I have a confession to make: I often live my Christian life defensively.
But I don’t think I’m alone in this.
You see, in a world where Satan, sin, and evil run rampant, it’s easy to close our eyes and cover our ears in dismay. To become defensive.
How can we keep sin out of the church? We must remain separate and not conform to the ways of the world. We must be vigilant against the schemes of the devil.
The church becomes a group of scaredy-cat Christians trying to ward off sin. We live a defensive faith.
Earlier this month I had the chance to go on an eight day tour of Israel. Those eight days were some of the most spiritually enriching days of my life as I saw dozens of biblical and historic sites of Israel and was continually amazed how seeing the Bible’s sites enhanced my view of Scripture and Jesus.
One day while we were in the Galilee region, we went to Caesarea-Philippi.
Matthew 16:13-20 retells Jesus’ time at this very site. Jesus gathered His disciples together in a main area of the town and began asking questions. “Who do people say the Son of Man is?” I can imagine the disciples sheepishly looking at one another wondering who would answer. “Some say John the Baptist, others say Elijah, and others Jeremiah or one of the prophets,” they responded. But Jesus pressed further. “But who do you say that I am?” Now I can really imagine their uncertain glances as they thought it over. But quickly Simon Peter belted out, “You are the Christ, the Son of the living God.”
I can visualize the smile on Jesus’ face. Peter got it! “Blessed are you, Simon Bar-Jonah! For flesh and blood has not revealed this to you, but my Father who is in heaven. And I tell you, you are Peter, and on this rock I will build my church, and the gates of hell shall not prevail against it.”
Christians love this passage. We read with boldness the promise Jesus gives at the end concerning the Church that He is establishing, “the gates of hell shall not prevail against it.”
But for most of my life, I read this passage wrong.
A couple years ago I heard a message on this passage which completely changed the way I view these words of Jesus’ words.
I used to read this passage as if it said, “I will build my church, and the powers of hell shall not prevail against it.”
But it doesn’t say powers, it says gates.
What are gates used for? Defense. When Jesus says the gates of hell will not prevail, He is essentially saying: the church should not be trying to defensively keep back the devil but the devil should be trying to defensively keep back the church. The gates are for Satan, not for Christians!
Christians are called to be on the offense, not on the defense.
When I first realized this a couple years ago, a chill ran down my spine. But as we stood in Caesarea-Philippi and our professor, Dr. Vanlaninghamm, shared more about the implications of Jesus’ words, I had another *Aha* moment.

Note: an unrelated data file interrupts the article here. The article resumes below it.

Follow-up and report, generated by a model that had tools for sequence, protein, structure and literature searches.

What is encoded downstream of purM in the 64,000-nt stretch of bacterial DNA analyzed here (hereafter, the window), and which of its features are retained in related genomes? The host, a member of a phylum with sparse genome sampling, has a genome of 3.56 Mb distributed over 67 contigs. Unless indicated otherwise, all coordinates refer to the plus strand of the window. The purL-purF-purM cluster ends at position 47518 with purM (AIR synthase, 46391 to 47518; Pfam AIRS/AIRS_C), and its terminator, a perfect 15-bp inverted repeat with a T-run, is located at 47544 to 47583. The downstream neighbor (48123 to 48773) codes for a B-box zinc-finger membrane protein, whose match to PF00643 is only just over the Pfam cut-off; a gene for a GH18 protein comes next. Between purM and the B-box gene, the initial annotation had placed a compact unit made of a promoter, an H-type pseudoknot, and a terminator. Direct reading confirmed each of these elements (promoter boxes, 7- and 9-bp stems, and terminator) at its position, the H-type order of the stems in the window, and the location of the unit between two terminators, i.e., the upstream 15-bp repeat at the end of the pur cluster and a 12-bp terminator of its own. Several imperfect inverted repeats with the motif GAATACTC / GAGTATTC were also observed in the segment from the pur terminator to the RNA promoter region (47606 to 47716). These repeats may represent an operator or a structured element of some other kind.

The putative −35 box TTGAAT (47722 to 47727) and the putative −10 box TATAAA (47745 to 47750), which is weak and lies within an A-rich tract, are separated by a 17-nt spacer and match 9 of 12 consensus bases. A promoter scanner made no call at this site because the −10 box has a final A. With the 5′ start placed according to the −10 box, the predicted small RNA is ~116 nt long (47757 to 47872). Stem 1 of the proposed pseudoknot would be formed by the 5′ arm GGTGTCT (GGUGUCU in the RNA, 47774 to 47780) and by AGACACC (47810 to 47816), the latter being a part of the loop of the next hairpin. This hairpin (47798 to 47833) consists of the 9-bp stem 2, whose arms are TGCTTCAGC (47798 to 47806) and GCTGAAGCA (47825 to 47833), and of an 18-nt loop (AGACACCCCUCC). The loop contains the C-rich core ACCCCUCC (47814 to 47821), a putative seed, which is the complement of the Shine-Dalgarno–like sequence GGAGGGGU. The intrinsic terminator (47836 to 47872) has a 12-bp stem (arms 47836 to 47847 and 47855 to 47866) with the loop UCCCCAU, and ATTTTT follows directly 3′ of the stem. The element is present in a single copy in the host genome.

Caesarea-Philippi was renowned in the first century for one thing: the Pagan Temple of Pan. Jesus’ prophetic words regarding the church were spoken outside of a cave where pagans sacrificed to false gods.
These are shelves carved in the rock where idols would have sat in the Temple of Pan.
Jesus said this with one of the most powerful images of evil in the first century right behind him. I believe He did this purposefully, to inspire courage into His disciples that what He promised, He would bring to pass. This is as if Jesus today stood outside the prostitution bars in Bangkok, Thailand filled with innocent 18 year old girls and said, “I will build my church and the gates of these brothels will not prevail!”
You see, Jesus called His disciples, and us today, to be Christians on offense. But more than this, He calls us to go to the hard places to reach the lost.
Being a Christian on offense means not just being vocal about social issues like abortion, racism, and sexism but instead seeking to build relationships with young moms, getting to know a person from a different cultural background, and viewing your coworkers of the opposite sex as equal.
It means inviting a homeless woman into your house for a meal even when you might be looked down upon by your peers.
It means pursuing a friendship with your neighbor who is openly gay and not being afraid to love him and share Christ with him.
It means spending a Friday night at a bar with your alcoholic cousin because it’s the only place you can find him to invest in his life.
It means responding to God’s call to serve Him even if that means going to the most dangerous country in the world.
It means picking up your cross daily, denying yourself, and seeking opportunities to selflessly share Jesus with others for the glory of God.
In the end, we must cling to the promise Jesus left us: Christ will prevail through the church; Satan will lose. When Jesus rose from the grave, He defeated evil, sin and Satan forever. The battle has already been won! Today, we as His people are to model this reality with our lives and seek to bring the good news of Jesus to the dying world at our fingertips and around the world. This doesn’t mean conforming to the world in order to reach them. We are called to stand out yet go into the world. Jesus modeled this with His life. He stood out with the way He lived and taught yet spent His time with prostitutes, tax collectors, and outcasts. Let us seek to live as Jesus did. Let us not stay back in our Christian bubbles with defensive cowardice but go in offense to bring the good news of Jesus to the lost, broken, and needy of the world.